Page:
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This summer, the CH-148 Cyclone was tested and found capable of operating in the northernmost reaches of the world. Although the Cyclone is considered a maritime helicopter, Canada’s original statement of operating intent envisioned global operations over land and sea. To realize that vision, some critical systems required further testing in Canada’s northern domestic airspace.
In 2019, planning began to send a Cyclone from its home base at 12 Wing Shearwater, Nova Scotia, to Alert, Nunavut – the world’s most northerly settlement.
“There were some sensors in the aircraft which are critical for the navigation and flight control system that were lacking a bit of technical data to show they would work everywhere,” explained Dany Duval, a civilian test pilot with the Aerospace Engineering Test Establishment (AETE).
The sensors in question were related to the EGI – or Embedded GPS INS – which is a combination between a GPS receiver coupled to an inertial navigation sensor within a single box. It assists with navigation, stabilization, and flight control applications.
To work properly, the INS needs to know where it is around the world. Once it knows where the Earth’s gravity is, it can provide pitch and roll information. The next step to align the EGI is to detect the Earth’s easterly force resulting from its rotation – but the higher north you go, the weaker this force becomes.
“That was the concern with this testing,” Duval explained. “The vendor of that component could only say it would work properly to 67 degrees north. So, the goal of the test was to take a Cyclone and go as far north as we could (Alert is at 82 degrees north) to demonstrate that the sensor in question would work properly, or define when it stopped. If it did not work, we could have requested a design change.”
A former CH-124 Sea King pilot and test pilot on the Cyclone during the early years of the acquisition program, Duval – now retired from the military – was uniquely qualified to lead the northern pilgrimage. Following extensive logistical planning in 2020, the flight was set for summer 2021. However, due to a lack of aircraft availability caused by a high operational tempo, the journey was postponed to the summer of 2022.
It was uncharted territory for the new helicopter.
“The Cyclone had gone on a specific purpose flight permit to 71 degrees north in the Norwegian region while operating with a Halifax-class frigate,” said Duval. “But this was the first time in Canada.”
In 2014, AETE crews executed a similar test program, taking a pair of CH-147F Chinook helicopters to Alert to test navigation and communications systems.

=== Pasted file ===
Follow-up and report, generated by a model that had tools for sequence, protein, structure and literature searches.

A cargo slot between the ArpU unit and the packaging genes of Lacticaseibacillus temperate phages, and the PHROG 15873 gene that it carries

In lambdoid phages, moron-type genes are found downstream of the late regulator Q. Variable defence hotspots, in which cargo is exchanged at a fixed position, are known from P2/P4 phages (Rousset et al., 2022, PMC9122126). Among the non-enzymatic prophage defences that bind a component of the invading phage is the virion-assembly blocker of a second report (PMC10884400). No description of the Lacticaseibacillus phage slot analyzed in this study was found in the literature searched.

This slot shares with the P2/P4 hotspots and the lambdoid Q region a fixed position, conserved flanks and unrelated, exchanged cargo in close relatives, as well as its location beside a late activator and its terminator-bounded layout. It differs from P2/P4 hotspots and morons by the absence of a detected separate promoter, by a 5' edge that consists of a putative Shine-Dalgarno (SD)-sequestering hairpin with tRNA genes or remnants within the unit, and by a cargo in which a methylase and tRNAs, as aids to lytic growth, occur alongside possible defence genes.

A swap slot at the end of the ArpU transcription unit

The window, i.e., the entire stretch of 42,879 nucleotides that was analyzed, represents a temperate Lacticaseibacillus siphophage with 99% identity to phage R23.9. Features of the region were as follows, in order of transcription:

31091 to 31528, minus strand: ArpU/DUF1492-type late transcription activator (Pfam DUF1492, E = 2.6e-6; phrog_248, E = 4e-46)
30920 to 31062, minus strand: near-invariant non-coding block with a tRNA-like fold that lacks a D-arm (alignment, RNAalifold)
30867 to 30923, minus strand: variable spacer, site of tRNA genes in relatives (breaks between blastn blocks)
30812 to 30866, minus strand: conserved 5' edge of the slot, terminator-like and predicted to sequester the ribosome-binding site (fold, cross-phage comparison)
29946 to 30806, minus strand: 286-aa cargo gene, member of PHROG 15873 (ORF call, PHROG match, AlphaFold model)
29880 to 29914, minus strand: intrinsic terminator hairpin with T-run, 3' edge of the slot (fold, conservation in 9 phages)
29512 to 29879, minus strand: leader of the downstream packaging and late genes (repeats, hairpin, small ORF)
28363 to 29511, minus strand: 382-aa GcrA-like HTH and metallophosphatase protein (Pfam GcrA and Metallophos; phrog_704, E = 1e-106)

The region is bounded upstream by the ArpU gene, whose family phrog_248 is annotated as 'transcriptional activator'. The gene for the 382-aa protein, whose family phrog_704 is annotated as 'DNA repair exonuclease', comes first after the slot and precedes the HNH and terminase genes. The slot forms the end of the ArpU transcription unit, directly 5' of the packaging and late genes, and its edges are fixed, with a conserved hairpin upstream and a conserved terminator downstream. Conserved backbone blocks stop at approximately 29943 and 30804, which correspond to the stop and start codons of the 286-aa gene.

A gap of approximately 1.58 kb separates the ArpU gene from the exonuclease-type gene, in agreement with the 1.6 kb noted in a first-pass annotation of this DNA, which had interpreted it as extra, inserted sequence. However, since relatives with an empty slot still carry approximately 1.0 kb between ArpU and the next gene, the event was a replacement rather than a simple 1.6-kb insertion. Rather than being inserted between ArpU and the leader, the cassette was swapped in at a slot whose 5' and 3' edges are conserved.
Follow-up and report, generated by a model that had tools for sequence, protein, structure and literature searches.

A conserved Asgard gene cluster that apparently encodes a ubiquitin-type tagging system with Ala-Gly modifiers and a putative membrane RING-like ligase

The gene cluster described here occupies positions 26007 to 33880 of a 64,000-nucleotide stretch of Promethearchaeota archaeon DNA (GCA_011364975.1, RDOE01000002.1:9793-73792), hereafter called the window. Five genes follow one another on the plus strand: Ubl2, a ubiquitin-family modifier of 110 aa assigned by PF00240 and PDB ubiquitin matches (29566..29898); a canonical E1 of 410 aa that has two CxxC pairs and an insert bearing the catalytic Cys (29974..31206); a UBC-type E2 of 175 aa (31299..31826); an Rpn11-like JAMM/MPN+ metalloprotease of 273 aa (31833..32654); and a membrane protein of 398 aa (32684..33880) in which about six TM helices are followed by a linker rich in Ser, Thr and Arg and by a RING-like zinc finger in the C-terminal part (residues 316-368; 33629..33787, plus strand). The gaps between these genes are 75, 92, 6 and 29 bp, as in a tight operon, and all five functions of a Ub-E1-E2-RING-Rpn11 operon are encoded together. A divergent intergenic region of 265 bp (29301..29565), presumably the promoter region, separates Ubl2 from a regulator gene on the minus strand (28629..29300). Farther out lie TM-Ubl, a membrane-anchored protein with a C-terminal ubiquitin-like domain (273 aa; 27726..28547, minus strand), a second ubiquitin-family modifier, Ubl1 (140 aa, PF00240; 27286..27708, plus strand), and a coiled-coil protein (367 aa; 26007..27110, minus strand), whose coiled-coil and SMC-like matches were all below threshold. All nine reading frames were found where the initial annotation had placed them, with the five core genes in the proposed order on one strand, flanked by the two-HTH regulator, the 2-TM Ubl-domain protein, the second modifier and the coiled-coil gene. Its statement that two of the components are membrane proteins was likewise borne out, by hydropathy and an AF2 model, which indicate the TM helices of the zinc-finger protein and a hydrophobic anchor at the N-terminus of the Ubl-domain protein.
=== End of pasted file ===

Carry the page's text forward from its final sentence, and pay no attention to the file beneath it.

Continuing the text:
“The challenge (of such a mission) is not necessarily the execution, but the logistical aspect,” said Duval.
He and two other AETE staff members began preparing for the journey in September 2021. Over the winter, they identified the team that would crew the Cyclone, liaised with 12 Wing Shearwater about an airframe suitable for the journey, and worked with 440 Transport Squadron in Yellowknife to coordinate mission support from a CC-138 Twin Otter.
Choosing the aircraft that would make the journey was no simple task. The Cyclone must have a major inspection every 50 hours of flying. Duval and the crew estimated they’d need a full 50 hours of flight time to execute the northern tour. The challenge was therefore to find an aircraft that had performed reliably in the months leading up to the summer flight, but had just been inspected right before the journey. A couple of weeks before the scheduled departure on July 6, airframe 148827 was selected.
“All of that planning happened in a nine-month window,” recalled Duval. “We arranged finances, crew accommodations and identified fuelling locations. Some places in the North only have fuel drums. We had to do some safety analyses to show that we could fuel using drums, while keeping the auxiliary power unit running to keep the aircraft’s electrical and hydraulic systems working. I had so many people helping with the planning. Every two weeks, 15 to 20 people met to advance the file. I was the project officer and the project test pilot as well. It was my job to manage the project – find the right team and delegate as required.”
With the AETE military CH-148 test pilot unavailable for the test window, Duval requested Capt Darren Kroeker from 423 Maritime Helicopter Squadron as co-pilot. He knew Kroeker was interested in becoming a test pilot and would benefit from the experience.
The rest of the crew were volunteers from 423 Maritime Helicopter Squadron at Shearwater. They included Capt Zachary Austin, tactical coordinator (TACCO); MCpl Adam Dickinson, weapon system releaser and avionics technician; and MCpl Matthew Ligon and Cpl Alex Edwards, airframe technicians. The final crewmember was MCpl John Sampson, an aircraft structures technician who accompanied the mission aboard the Twin Otter.
“Let’s get this done”
“We were just happy to leave,” recalled Duval when departure day finally arrived on July 6. “When you’re doing a test like this, there was a lot of work from the maintenance and test flight perspective to get the aircraft ready. The night before, the aircraft was still undergoing testing.
“We departed four hours later than planned, but we were all happy to get going. A lot of us had worked on this for many months – let’s get this done!”
From Shearwater, the crew flew to Schefferville, Quebec, for the first night, with fuel stops at Gaspé, Quebec, and Wabush, Newfoundland and Labrador. On the second day, the CH-148 met up with the Twin Otter in Iqaluit, Nunavut.
“Right now, the Cyclone is still fairly new,” said Duval. “There was a concern that we would require mutual support. If we had a flight emergency in an austere location, there was a concern from a survivability perspective. The Twin Otter’s primary function was to carry 500 pounds of cargo for us, including parts and tools, to mitigate delays. They were also our experts on flying in Nunavut. You can prepare, but there are some lessons you can only learn by doing.”
Upon arrival in Qikiqtarjuaq, Nunavut, on July 8, the group’s careful contingency planning was put to the test. “Heading to Qikiqtarjuaq, we didn’t feel anything abnormal as human beings, but the aircraft’s Integrated Vehicle Health Management System (IVHMS) detected an increase in vibrations on a main rotor blade,” recalled Duval. “We contacted Sikorsky, who is responsible for in-service support, and they said we had to get it fixed before we could go any further.”
Airframe technicians Ligon and Edwards found themselves with a big repair to do on the road, as a pitch control rod linking the main rotor blade to the swashplate needed to be replaced. The part was airlifted by a military Hercules transport aircraft enroute to Iqaluit, where it was met by the expedition’s Twin Otter.